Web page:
The Dallas Mavericks faced many decisions after winning the NBA championship after the 2011 season, the most controversial of which was choosing not to re-sign center Tyson Chandler.
One could say the Mavericks rectified that by trading for Chandler on Wednesday, though owner Mark Cuban made it clear to news outlets that fixing that perceived wrong had nothing to do with it.
"It's apples and oranges," Cuban told ESPNDallas.com. "You couldn't get from there to here."
The Mavs received Chandler and guard Raymond Felton. The price to swing this deal is steep: Jose Calderon, Samuel Dalembert, Shane Larkin, Wayne Ellington and the Mavs' two second-round picks in the 2014 NBA draft.
The price to swing this deal is steep: Jose Calderon, Samuel Dalembert, Shane Larkin, Wayne Ellington and the Mavs' two second-round picks.
So, in essence, this is the Mavs' 2014 draft class, a pair of veterans that can play immediately. At least Cuban and team president Donnie Nelson know what they're getting.
To some, Chandler was the final piece of that magical championship season. Signed to a one-year deal, Chandler was considered an injury-prone center that had never lived up to the hype of being the No. 2 overall selection out of high school in 2001. Most expected Chandler to be a beast. He ended up being something less, but it was just what Dallas needed.
What Chandler brought to that Mavs championship team — and what he should bring to Dallas once again — is rim protection, interior defense and a backbone. This deal was rumored before last season's trade deadline but never happened. With the New York Knicks looking to clear cap space, this deal makes much more sense. Add up all the cap space, and the Mavs are only giving up approximately $3 million in space and still have about $27 million left over.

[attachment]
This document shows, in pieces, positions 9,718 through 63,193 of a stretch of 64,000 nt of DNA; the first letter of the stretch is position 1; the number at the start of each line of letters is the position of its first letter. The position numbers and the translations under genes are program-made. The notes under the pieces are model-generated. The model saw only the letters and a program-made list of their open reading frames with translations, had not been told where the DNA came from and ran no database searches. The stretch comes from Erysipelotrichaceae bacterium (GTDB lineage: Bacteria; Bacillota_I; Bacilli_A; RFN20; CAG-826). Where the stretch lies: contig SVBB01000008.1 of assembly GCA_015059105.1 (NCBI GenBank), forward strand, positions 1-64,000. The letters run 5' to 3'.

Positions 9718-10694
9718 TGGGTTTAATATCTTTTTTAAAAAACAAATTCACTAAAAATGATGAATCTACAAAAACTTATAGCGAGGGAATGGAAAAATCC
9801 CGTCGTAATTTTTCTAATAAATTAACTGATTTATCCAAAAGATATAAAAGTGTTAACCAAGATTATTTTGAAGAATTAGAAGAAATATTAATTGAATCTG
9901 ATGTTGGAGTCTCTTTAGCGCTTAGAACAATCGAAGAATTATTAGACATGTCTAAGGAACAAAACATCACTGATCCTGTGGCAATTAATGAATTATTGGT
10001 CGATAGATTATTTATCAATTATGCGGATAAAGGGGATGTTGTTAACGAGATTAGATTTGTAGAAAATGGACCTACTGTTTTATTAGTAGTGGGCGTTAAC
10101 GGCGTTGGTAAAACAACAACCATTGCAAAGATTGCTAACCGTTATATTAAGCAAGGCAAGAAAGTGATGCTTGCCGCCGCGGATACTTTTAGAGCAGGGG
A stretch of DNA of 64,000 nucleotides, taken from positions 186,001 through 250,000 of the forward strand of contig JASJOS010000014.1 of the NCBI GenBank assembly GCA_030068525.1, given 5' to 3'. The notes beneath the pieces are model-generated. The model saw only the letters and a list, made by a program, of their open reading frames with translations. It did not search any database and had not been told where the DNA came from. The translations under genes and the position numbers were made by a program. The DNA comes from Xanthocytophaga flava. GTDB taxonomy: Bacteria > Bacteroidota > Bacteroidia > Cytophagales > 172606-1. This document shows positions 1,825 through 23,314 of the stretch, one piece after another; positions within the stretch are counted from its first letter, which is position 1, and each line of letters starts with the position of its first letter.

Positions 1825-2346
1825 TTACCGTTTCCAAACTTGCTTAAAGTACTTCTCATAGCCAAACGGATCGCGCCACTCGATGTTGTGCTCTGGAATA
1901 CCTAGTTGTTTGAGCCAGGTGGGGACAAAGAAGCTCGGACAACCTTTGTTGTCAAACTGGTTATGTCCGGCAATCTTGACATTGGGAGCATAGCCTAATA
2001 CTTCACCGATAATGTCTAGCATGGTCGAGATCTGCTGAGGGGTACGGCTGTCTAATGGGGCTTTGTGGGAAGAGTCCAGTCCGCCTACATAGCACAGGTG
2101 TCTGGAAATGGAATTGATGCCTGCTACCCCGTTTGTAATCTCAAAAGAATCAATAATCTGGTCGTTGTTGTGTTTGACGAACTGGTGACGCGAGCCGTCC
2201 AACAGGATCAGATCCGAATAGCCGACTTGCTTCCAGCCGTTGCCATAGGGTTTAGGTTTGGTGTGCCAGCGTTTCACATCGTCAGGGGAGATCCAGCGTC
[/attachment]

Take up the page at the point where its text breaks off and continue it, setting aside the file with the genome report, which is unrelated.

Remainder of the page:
Mavs fans will applaud the deal, and as long as Chandler, 31, is healthy next season, there are plenty of reasons why. Chandler averaged 10.1 points and 9.2 rebounds in his one season in Dallas, some of the best numbers of his career. His replacements over the past three seasons — Brendan Haywood, Chris Kaman and Dalembert — averaged 7.4 points and 6.0 rebounds combined.
He brings that intimidation factor the Mavs lacked the last three seasons. His rebounding will help everyone — most notably Dirk Nowitzki and Monta Ellis, who should get extra shots as Chandler kicks out many of the rebounds he grabs. Opponents won't drive to the basket as often as they did last season, either. Defensively, this team gets better immediately.
In addition, Chandler provides the Mavs with financial flexibility, which is part of the reason the Mavs let him go in the first place. Dallas didn't want to commit long-term money to Chandler at the time so they could pursue big-time free agents, which didn't pan out.
He arrives in Dallas with one year remaining on the four-year, $60 million deal he signed with the Knicks. So Chandler doesn't impede any of the Mavs' long-term goals.
Felton is worth something too. The Mavs will miss Calderon's sharp shot. But between Felton and Monta Ellis, the Mavs have their starting guard tandem. Trading Larkin hurts a little, if you believe he projects as a star one day. I'm not so sure. The Mavs could make a push to re-sign Devin Harris, who had a great half-season after recovering from an injury.
Finally, Chandler's return to Dallas enhances the Mavs' ability to take a shot at one of the big free agents on the market — Carmelo Anthony and LeBron James. Yes, I said a shot. Sources are already telling media outlets that the Mavs are on Anthony's short list of suitors and that they believe the Chandler deal makes them relevant in the conversation. The Mavs have the flexibility to do it, even though Nowitzki must be re-signed. And the Mavs will re-sign him.
Is all of that farfetched? Maybe. But Chandler, a former NBA Defensive Player of the Year, will improve the Mavs' overall defense. But if he also improves the Mavs' chances of landing a top free agent, then this deal becomes much bigger than anyone realizes.